May/June 2017 • Vol. XXXIX No. 3 Nature's Nature |

Little Monster, Masterpiece

In the sun, I scorch, dizzy. It's a danger day—the new phrase for when being outdoorscan burn you dead. And imagine: She'll have her fathers golden, resilient skin (but my strong chin), assembling a baby of best parts. Mary Shelley wrote Frankenstein shivering, The Year Without Summer, while volcanic ash encircled the earth in shadow. A sharp crust of frost covered all crops, ruining corn in America, wrecking Asia's rice fields. Farmers foraged for nettles, then people ate clay, then theythemselves froze. In this year's atmosphere—blazing afternoons when laborers are warnednot to work, when childrenmay not play outside— I also select words. Try saying nursery, not unfurnished room, referring to the empty space in our house, redeeming it. Shelley salvaged a few hundred pages, a great book, from the bodies of the tens of thousandsclimate killed. She warned against the monsters humans can create,and made her masterpiece. As many women still try to do. One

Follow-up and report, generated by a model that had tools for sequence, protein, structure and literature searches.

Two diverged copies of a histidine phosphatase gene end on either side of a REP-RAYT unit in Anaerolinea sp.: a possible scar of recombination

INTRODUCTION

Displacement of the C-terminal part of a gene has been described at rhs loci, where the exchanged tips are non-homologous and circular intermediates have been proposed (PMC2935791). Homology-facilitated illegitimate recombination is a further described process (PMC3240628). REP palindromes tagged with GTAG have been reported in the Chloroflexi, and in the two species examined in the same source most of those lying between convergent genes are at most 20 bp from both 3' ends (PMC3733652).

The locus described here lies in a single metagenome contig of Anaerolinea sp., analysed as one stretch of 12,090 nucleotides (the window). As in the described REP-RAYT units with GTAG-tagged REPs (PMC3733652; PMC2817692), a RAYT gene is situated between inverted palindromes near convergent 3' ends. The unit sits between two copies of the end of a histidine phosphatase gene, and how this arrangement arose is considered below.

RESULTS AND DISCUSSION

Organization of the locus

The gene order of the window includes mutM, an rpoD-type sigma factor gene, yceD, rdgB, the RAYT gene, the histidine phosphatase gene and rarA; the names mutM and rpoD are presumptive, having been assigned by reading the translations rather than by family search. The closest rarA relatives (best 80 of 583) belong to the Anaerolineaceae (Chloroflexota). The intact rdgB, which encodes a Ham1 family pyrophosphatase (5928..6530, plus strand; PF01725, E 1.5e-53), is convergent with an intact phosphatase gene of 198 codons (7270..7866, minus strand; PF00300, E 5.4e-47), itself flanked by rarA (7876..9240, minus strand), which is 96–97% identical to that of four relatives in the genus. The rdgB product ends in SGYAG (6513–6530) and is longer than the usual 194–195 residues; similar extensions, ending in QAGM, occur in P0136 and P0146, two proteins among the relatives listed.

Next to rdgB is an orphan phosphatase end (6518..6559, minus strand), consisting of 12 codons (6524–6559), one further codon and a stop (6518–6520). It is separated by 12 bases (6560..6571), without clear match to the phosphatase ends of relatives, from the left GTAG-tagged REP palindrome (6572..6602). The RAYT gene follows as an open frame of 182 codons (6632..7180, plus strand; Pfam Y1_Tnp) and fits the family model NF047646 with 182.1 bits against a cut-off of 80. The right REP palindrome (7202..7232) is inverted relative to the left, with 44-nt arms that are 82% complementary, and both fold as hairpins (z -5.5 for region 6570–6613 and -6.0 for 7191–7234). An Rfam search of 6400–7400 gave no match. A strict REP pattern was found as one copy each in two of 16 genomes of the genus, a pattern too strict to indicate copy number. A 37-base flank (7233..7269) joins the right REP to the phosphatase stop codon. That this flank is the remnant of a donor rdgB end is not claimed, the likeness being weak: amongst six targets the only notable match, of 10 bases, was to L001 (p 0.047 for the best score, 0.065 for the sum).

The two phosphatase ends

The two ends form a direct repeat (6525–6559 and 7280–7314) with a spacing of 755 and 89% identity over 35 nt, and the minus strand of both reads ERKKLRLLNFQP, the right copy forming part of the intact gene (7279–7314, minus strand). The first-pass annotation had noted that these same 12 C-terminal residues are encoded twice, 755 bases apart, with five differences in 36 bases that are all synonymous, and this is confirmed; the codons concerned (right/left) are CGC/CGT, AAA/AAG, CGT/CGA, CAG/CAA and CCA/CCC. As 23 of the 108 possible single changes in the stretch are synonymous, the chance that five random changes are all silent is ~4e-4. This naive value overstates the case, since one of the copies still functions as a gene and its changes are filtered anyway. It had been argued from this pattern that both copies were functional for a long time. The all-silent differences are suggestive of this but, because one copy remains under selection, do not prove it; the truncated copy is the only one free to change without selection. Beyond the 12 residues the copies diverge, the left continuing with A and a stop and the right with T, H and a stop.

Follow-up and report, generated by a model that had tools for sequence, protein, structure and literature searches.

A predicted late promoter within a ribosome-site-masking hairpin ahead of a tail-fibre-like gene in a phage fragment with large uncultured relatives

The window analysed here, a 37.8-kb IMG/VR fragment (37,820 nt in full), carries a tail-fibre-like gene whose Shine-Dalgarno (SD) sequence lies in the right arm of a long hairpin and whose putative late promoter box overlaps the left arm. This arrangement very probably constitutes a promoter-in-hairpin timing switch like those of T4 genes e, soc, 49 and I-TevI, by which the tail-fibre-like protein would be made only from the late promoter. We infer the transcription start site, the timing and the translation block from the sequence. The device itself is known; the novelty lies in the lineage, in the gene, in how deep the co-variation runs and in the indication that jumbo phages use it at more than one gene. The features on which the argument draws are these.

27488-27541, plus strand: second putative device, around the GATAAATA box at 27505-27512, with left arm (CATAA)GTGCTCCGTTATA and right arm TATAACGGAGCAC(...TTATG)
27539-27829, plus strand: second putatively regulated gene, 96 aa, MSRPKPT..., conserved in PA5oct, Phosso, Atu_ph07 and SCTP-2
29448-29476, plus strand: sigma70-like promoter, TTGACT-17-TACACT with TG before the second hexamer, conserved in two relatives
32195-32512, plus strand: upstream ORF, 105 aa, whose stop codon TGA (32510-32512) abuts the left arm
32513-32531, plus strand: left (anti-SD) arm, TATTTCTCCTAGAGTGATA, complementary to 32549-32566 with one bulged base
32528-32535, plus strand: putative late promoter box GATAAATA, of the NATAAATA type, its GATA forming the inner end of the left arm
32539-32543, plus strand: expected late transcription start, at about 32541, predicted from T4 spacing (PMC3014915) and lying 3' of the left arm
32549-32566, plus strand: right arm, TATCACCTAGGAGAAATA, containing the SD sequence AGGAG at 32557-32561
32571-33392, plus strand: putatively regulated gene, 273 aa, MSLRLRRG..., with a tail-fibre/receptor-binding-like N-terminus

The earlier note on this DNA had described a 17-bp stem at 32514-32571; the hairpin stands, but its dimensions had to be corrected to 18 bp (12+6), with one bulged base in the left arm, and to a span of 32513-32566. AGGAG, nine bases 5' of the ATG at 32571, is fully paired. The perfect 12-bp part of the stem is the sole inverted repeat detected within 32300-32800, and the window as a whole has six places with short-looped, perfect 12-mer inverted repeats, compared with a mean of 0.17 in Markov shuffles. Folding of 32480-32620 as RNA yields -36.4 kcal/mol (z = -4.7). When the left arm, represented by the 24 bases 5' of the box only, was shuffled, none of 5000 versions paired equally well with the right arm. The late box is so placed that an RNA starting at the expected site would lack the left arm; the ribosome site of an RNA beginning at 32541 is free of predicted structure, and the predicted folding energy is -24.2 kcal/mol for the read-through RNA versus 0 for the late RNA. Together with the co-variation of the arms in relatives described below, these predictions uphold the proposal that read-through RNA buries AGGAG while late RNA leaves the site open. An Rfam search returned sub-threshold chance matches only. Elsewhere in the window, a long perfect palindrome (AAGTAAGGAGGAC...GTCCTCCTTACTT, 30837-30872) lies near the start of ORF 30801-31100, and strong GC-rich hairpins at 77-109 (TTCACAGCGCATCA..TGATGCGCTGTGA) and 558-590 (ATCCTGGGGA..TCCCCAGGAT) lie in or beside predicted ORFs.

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Rose McLarney
Rose McLarney has published two collections of poems, Its Day Being Gone (Penguin Books)—winner of the National Poetry Series—and The Always Broken Plates of Mountains (Four Way Books). She is assistant professor of creative writing at Auburn University and poetry editor of Southern Humanities Review. Rose has been awarded fellowships from Bread Loaf, MacDowell Colony, Sewanee, Warren Wilson College’s MFA Program for Writers, and the Darmouth Poet in Residence program at the Frost Place.

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